I have asked my Sakya lama via email if it is know in the Tibetan Buddhist tradition to temporarily ordain upon the death of a family member in order to accumulate merit for them. He said that it is done in the Tibetan tradition, but most commonly people take the 8 lay precepts (sojong), what I have been calling the Eight Mahayana Precepts in this forum, instead of full ordination, for 8, 16 or if possible 49 days and dedicate that merit to their deceased family member.
I am not sure about inTibetan Buddhism as a whole, and it is interesting that your Sakya Lama says it is possible. In the Gelug tradition I have heard one of my Lamas say that it is definitely not 'our' tradition to take monastic ordination temporarily (shramanera/shramanerika or Getsul/Getsulma) as is done in the Theravada tradition. I never thought about whether that was just a Gelug position. On another occasion HHDL ruminated aloud during a teaching about whether it might be useful for Tibetans to adopt this tradition. He didn't come to any conclusion about it, just threw it out there. However the implication was clearly that up til now it is definitely not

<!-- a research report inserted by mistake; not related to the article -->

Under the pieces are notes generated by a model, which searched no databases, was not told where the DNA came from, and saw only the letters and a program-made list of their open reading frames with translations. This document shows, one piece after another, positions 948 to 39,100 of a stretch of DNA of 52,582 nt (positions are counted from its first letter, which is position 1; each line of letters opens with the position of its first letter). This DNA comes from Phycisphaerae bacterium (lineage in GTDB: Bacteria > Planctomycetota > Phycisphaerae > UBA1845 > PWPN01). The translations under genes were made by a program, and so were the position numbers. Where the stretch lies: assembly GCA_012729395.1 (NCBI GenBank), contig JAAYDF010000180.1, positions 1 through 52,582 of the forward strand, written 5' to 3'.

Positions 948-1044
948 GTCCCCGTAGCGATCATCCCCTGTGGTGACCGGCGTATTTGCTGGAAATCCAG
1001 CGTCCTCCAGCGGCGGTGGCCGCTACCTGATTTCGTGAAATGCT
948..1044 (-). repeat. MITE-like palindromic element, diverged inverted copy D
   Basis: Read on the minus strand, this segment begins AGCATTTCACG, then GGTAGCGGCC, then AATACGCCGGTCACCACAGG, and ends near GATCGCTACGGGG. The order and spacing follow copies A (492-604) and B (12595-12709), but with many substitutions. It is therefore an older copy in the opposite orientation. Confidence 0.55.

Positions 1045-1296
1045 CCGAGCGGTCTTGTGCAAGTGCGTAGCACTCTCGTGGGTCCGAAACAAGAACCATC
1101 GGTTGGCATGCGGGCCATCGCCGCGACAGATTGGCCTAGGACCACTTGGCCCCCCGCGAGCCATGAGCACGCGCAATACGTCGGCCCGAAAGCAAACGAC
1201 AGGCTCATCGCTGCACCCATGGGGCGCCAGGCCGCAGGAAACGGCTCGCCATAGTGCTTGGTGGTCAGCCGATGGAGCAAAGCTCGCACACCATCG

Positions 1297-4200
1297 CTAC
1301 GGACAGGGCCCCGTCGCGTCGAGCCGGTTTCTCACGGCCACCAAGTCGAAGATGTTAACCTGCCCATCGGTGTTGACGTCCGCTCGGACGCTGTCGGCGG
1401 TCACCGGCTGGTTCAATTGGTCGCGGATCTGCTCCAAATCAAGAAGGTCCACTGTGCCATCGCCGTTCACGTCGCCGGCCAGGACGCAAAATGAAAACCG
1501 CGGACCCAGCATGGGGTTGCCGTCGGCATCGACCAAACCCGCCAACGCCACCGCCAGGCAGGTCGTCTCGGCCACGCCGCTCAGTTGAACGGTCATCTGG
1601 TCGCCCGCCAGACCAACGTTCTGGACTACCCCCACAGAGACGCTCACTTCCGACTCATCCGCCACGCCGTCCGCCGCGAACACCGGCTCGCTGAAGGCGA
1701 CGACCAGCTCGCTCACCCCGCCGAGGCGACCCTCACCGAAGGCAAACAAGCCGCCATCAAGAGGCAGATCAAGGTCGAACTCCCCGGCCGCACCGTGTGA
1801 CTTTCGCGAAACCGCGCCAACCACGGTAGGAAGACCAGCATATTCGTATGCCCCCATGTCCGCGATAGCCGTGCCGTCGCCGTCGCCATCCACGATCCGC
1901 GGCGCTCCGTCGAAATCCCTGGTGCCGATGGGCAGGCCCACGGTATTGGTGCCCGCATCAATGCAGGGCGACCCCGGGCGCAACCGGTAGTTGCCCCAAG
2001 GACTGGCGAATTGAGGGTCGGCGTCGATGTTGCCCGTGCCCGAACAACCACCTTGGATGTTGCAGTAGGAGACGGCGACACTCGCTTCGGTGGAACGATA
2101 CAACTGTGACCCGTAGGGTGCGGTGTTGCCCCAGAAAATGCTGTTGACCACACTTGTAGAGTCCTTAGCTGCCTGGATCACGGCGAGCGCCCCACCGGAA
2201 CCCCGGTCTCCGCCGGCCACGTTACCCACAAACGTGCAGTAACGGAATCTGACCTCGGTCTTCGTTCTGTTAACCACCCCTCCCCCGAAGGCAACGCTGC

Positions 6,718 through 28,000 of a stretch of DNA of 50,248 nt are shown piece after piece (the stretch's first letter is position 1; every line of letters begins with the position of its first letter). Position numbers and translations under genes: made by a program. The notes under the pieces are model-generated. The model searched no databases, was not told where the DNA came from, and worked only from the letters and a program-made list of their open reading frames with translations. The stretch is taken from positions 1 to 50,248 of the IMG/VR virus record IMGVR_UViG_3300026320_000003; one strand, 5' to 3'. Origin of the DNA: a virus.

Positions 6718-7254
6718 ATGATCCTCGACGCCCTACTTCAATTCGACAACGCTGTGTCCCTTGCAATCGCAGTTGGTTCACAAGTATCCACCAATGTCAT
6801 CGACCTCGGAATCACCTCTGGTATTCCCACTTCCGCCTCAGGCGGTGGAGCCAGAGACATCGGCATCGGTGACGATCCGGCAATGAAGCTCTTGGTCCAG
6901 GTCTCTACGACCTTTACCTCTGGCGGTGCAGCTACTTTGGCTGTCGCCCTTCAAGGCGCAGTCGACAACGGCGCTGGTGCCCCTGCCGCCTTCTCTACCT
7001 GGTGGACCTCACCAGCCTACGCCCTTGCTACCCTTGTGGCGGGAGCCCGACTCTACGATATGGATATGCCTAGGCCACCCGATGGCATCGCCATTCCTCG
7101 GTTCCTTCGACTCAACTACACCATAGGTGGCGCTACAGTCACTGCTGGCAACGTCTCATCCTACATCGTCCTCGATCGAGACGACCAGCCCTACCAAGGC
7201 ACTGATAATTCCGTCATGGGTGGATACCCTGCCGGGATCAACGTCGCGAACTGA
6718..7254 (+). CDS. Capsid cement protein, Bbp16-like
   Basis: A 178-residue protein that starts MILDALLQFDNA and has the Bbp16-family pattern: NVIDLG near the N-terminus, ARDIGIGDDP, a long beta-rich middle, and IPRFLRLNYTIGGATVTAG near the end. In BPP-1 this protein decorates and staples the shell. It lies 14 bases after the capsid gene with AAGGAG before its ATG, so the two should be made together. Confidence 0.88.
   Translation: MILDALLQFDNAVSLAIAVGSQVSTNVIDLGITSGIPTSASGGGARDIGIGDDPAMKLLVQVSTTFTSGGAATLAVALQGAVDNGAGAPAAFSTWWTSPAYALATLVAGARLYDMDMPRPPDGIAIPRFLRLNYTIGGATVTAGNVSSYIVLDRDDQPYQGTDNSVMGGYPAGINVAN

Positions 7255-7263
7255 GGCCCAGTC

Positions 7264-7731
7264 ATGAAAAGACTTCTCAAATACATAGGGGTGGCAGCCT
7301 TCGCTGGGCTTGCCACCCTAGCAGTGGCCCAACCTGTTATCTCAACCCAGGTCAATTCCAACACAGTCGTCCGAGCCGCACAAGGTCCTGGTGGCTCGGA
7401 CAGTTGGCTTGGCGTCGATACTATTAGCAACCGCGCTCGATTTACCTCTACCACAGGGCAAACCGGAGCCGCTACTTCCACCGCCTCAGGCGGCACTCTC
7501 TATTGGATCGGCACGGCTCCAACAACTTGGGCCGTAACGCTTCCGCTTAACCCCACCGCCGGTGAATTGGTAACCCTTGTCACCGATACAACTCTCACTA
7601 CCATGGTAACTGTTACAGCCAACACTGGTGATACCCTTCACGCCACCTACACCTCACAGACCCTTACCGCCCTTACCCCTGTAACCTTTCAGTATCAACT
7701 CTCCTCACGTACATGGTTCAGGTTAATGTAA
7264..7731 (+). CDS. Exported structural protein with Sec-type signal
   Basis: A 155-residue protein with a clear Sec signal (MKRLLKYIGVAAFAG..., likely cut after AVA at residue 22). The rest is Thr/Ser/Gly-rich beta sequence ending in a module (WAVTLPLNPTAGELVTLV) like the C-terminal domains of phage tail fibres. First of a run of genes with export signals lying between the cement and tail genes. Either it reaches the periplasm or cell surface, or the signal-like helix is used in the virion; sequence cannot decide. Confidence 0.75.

the tradition. Again, I didn't even stop to think that this might differ across the various Tibetan schools.
A personal observation of this Theravada tradition: Of several Thai friends I knew who have done this when they were young, I have to say that only a couple actually really got some real, deep core understanding from the experience. Most saw it as an interesting experience which somewhat strengthened their respect for the Three Jewels (not bad at all!) but it was more of a social obligation than sincere choice to deepen their understanding, hence it was an exercise in merit making and social acceptance - learning etiquette.
Coming back to the Tibetan tradition, in accord with Vinaya in general it is of course possible for one who has given back the vows of Gelong or Getsul without having broken them to retake them later. I don't know if this could be constituted as temporary, but again one of my Lamas said that it should not be seen as such. It is more a provision for those who had kept their vows intact, given them back due to circumstance, and wished to retake them later. He also said that for those who were older (middle age) who took the ordination it was generally consider negative to then give up the vows - but this last remark was more of a comment on social mores than actual interpretation of vinaya.